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National Affairs

Parliament versus the parties: the vital next steps for entitlement reform

Marian Sawer & Anika Gauja

1 February 2017

New rules for parliamentary entitlements will improve transparency and accountability. But do they go far enough?

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Stopping short: prime minister Malcolm Turnbull announcing new measures to regulate parliamentary entitlements last month. Michael Wade/AAP Image

Stopping short: prime minister Malcolm Turnbull announcing new measures to regulate parliamentary entitlements last month. Michael Wade/AAP Image


When Malcolm Turnbull responded to the Sussan Ley expenses scandal in January, he promised two things: an independent authority to advise on and oversee parliamentary entitlements, and monthly disclosures of expenses in a searchable format. If they work, these new mechanisms are likely to be popular. As an Essential Vision survey last month revealed, while 68 per cent of respondents were happy for MPs to claim travel expenses directly related to electorate or parliamentary work, only 34 per cent felt that MPs should receive a publications allowance, and less than one-in-five were happy for MPs to claim expenses for social networking or an accompanying spouse’s overseas travel.

Australia’s new independent authority is to be modelled on Britain’s Independent Parliamentary Standards Authority, or IPSA, which was also set up after an uproar – in that case, the massive parliamentary expenses scandal, which dominated British politics in 2009. Among its better-known victims was an MP who had charged taxpayers for cleaning out a moat on his country estate.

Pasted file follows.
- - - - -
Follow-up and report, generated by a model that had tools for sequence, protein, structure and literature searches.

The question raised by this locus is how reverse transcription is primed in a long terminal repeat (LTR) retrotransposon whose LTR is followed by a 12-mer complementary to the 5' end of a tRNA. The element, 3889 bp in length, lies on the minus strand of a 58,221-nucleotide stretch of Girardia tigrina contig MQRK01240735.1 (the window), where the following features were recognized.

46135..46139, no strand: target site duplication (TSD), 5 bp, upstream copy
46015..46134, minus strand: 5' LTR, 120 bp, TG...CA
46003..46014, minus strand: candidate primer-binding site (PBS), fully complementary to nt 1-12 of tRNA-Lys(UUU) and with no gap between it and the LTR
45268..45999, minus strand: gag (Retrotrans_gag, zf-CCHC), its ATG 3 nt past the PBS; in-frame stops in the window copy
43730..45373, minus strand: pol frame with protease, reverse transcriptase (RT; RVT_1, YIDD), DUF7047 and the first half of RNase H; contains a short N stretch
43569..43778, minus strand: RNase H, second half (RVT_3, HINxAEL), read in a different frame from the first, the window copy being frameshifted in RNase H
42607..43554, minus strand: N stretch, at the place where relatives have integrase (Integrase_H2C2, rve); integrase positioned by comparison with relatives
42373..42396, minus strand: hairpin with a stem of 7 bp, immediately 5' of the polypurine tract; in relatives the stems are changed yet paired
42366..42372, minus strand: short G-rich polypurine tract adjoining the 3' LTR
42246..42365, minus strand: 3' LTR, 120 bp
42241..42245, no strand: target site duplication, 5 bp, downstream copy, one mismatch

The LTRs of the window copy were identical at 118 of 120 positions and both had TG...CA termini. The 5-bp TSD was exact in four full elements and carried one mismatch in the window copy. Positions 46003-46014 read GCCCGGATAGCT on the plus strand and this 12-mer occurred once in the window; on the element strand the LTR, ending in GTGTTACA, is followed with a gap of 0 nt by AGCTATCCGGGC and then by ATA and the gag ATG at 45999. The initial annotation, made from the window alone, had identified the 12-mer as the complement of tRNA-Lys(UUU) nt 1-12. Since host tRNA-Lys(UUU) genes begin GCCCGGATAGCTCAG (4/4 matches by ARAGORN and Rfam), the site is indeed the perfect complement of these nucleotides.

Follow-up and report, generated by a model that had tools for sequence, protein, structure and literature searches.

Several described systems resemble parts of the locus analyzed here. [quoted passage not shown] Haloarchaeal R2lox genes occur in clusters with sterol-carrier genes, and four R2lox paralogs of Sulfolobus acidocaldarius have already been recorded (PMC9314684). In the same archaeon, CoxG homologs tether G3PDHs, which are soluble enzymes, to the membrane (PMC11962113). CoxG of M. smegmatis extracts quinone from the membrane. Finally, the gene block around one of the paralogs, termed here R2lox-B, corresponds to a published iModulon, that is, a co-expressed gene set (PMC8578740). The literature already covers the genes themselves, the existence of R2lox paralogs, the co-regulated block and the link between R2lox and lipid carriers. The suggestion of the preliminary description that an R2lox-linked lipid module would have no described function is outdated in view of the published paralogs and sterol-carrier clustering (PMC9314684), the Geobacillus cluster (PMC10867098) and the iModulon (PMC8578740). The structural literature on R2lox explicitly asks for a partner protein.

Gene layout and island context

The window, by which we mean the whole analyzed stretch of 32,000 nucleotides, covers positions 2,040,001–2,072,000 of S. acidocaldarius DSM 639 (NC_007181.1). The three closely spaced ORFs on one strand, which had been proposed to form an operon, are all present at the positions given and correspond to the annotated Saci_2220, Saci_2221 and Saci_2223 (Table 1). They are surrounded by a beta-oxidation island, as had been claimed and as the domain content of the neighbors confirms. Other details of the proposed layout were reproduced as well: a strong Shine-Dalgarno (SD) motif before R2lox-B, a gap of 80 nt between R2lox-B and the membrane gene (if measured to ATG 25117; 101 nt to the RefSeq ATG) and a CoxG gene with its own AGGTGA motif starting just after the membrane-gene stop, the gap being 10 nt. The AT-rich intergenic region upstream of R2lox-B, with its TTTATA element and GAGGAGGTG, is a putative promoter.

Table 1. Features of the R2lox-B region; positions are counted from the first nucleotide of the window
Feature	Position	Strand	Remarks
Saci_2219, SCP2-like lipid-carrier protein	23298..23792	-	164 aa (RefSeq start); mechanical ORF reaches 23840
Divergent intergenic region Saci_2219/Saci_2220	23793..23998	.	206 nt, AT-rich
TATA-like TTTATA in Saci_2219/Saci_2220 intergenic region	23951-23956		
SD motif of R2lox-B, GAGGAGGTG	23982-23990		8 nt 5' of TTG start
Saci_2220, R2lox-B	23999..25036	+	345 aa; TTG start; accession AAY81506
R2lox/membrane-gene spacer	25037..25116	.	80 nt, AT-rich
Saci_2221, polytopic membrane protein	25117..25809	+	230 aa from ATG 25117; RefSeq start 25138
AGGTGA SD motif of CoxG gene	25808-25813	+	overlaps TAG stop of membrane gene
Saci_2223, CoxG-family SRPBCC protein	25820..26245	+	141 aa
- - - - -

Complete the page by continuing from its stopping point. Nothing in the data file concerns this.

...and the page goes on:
Under Britain’s entitlement rules, IPSA issues MPs with a credit card to be used only for parliamentary business. It combs through MPs’ spending details and advises them of any dubious claims, and eventually publishes the names of those who have been asked to repay their expenses but haven’t done so. Last year more than a dozen MPs had their cards blocked after they failed to pay back invalid claims.

Malcolm Turnbull also promised to continue implementing the recommendations of a February 2016 review of parliamentary entitlements by two former senior officials, John Conde and David Tune. An important element of that review, which was set up after the Bronwyn Bishop “Choppergate” scandal, was a recommendation that parliamentary entitlements be renamed “work expenses” and linked to “parliamentary business.” Conde and Tune defined parliamentary business to include a range of parliamentary and electorate duties, as well as party activities such as attending party meetings or conferences. They explicitly excluded activity whose dominant purpose was party management or party fundraising.

Australian political parties already receive generous reimbursements for campaigning. If changes to the rules are implemented to make it clear that attending party fundraising events or schmoozing donors at social functions doesn’t constitute parliamentary business, then real progress will have been made.

But that is not to say that the 2016 review is the last word on the topic. Worryingly, Conde and Tune shied away from excluding election campaigning from its definition of parliamentary business. Their justification for failing to recommend this exclusion – that it’s difficult to impose a universal rule and, anyway, increased transparency should strengthen accountability during campaign periods – is not convincing.